Tuesday, February 24, 2009

CAM Paper Part I: Introduction

Complementary and alternative medicine (CAM) can be defined as a diverse group of therapies and products that are not considered to be part of conventional medicine. Patients may use CAM to treat a wide variety of conditions, including back problems, colds, neck problems, joint pain, anxiety, depression, rheumatologic problems, digestive problems, chronic pain, insomnia, and other chronic conditions.(1)

Currently, CAM is very popular with patients. A national health interview survey found that in 2002, 36% of American adults had used some form of CAM within the previous 12 months, not including prayer. According to the survey, the most common non-prayer CAM modalities used by patients included natural products, deep breathing exercises, meditation, chiropractic, yoga, massage, and nutritional therapies. Interestingly, prayer for improved health, performed either by the patient or by others on behalf of the patient, was by far the most commonly used form of CAM. Inclusion of prayer as a CAM modality increased the percentage of adults using CAM in the past 12 months to 62%, and the percentage using CAM at any point in their lives to 75%. The popularity of CAM may stem at least in part from patient dissatisfaction with conventional treatments for chronic conditions such as pain.(1)

Multiple surveys suggest that physicians, medical students, and other healthcare providers have limited knowledge about CAM, although some studies have found that physicians would like to learn more about CAM.(2-4) In addition, physicians tend to have more negative attitudes about CAM compared with other healthcare providers like nurses and pharmacists.(3) There is some evidence that the attitudes of medical students toward CAM tend to become less positive as they get further along in medical school and become more entrenched in the conventional medicine model.(5) This may help explain why only about one quarter of surveyed patients reported that they had tried CAM because their physician had suggested that they try it.(1)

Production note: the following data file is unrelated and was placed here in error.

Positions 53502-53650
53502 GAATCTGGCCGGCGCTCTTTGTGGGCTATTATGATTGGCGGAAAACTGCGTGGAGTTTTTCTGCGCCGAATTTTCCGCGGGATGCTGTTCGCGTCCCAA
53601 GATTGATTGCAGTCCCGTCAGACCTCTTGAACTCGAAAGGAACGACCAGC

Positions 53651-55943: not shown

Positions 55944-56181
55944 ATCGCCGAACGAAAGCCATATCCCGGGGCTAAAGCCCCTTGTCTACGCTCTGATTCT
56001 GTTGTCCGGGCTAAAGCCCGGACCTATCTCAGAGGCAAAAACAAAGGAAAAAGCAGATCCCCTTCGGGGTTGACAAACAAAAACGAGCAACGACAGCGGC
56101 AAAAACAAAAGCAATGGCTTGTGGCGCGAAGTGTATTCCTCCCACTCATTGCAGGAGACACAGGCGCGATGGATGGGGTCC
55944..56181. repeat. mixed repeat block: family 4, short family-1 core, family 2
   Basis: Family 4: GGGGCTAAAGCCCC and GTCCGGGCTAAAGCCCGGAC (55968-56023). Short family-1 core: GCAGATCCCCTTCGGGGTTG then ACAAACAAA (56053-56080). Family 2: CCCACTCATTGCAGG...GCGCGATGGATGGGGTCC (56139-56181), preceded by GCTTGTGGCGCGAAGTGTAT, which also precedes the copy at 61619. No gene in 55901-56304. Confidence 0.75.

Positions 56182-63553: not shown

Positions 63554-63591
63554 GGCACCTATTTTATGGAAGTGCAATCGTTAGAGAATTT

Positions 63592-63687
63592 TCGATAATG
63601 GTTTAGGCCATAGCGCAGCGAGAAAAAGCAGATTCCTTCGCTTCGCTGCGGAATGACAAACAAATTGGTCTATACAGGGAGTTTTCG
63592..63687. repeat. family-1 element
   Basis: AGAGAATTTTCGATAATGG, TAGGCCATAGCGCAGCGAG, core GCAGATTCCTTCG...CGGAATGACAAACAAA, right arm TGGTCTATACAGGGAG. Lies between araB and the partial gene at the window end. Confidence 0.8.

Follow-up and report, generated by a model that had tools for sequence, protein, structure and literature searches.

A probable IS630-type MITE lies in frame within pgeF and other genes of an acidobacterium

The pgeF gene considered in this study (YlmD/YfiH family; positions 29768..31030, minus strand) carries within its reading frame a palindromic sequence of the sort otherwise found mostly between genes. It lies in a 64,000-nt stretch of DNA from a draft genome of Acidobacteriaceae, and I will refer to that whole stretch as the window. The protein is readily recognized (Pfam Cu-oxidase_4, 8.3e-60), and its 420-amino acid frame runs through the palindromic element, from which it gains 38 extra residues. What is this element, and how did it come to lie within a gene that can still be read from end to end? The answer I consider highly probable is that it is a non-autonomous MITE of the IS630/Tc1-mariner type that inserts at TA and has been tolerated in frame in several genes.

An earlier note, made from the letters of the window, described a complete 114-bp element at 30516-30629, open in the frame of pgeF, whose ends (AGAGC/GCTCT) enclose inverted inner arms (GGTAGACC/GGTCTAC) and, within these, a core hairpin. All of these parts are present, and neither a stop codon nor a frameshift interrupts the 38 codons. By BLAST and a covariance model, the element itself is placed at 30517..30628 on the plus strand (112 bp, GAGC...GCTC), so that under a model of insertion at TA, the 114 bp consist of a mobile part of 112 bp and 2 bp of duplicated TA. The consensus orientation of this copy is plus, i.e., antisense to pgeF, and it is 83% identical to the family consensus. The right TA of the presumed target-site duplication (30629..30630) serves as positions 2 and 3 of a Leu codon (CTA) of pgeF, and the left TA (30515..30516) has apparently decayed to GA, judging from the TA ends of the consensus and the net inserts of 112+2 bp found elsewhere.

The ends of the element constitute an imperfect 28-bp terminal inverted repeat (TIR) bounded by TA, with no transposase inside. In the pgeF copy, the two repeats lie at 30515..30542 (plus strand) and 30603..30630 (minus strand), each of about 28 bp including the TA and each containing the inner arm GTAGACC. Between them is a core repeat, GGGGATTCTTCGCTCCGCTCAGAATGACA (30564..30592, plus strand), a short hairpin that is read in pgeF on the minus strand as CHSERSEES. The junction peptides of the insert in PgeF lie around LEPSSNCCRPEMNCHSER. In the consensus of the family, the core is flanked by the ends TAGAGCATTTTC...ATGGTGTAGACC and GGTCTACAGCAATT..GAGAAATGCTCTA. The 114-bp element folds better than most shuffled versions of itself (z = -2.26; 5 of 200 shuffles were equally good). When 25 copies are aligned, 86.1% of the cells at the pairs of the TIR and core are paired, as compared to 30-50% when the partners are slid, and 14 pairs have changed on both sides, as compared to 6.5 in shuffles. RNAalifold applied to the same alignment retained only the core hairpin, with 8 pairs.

Unfortunately, patients themselves are often misinformed about CAM.(1) The rise of the internet has generated a confusing information overload, much of which can mislead patients and possibly even harm their health.(2) Patients commonly self-medicate with CAM and often do not tell their doctors or pharmacists about the nutritional supplements and herbal remedies they are taking.(1-3) Furthermore, physicians opposed to CAM may overstate the case that all CAM is useless, while practitioners of CAM may overstate the curative powers of CAM or claim that the medical establishment wants to suppress CAM.(2)

As a result of the proliferation of misinformation and lack of reliable information about CAM, patients often hold misguided beliefs about CAM therapies.(2) For example, many patients believe that “natural” equates with “safe.” However, herbal remedies and other natural products may interact with prescription drugs, as well as have toxic effects of their own.(2,3) In addition, many patients believe that using CAM therapies will save money. However, the few studies done on this subject suggest the opposite, namely that use of CAM increases costs for healthcare compared to conventional healthcare alone.(2)

This paper will review some of the more popular forms of CAM, including both the theory and practice of these therapies. It will not be possible to cover every form of CAM that patients might discuss with their physicians. However, my hope is that this paper will be a good starting point to help educate current and future healthcare providers about CAM. Although prayer for improved health is the most common form of CAM, it will not be covered here in order to focus in greater detail on several of the physical and chemical CAM modalities that are popular among patients.

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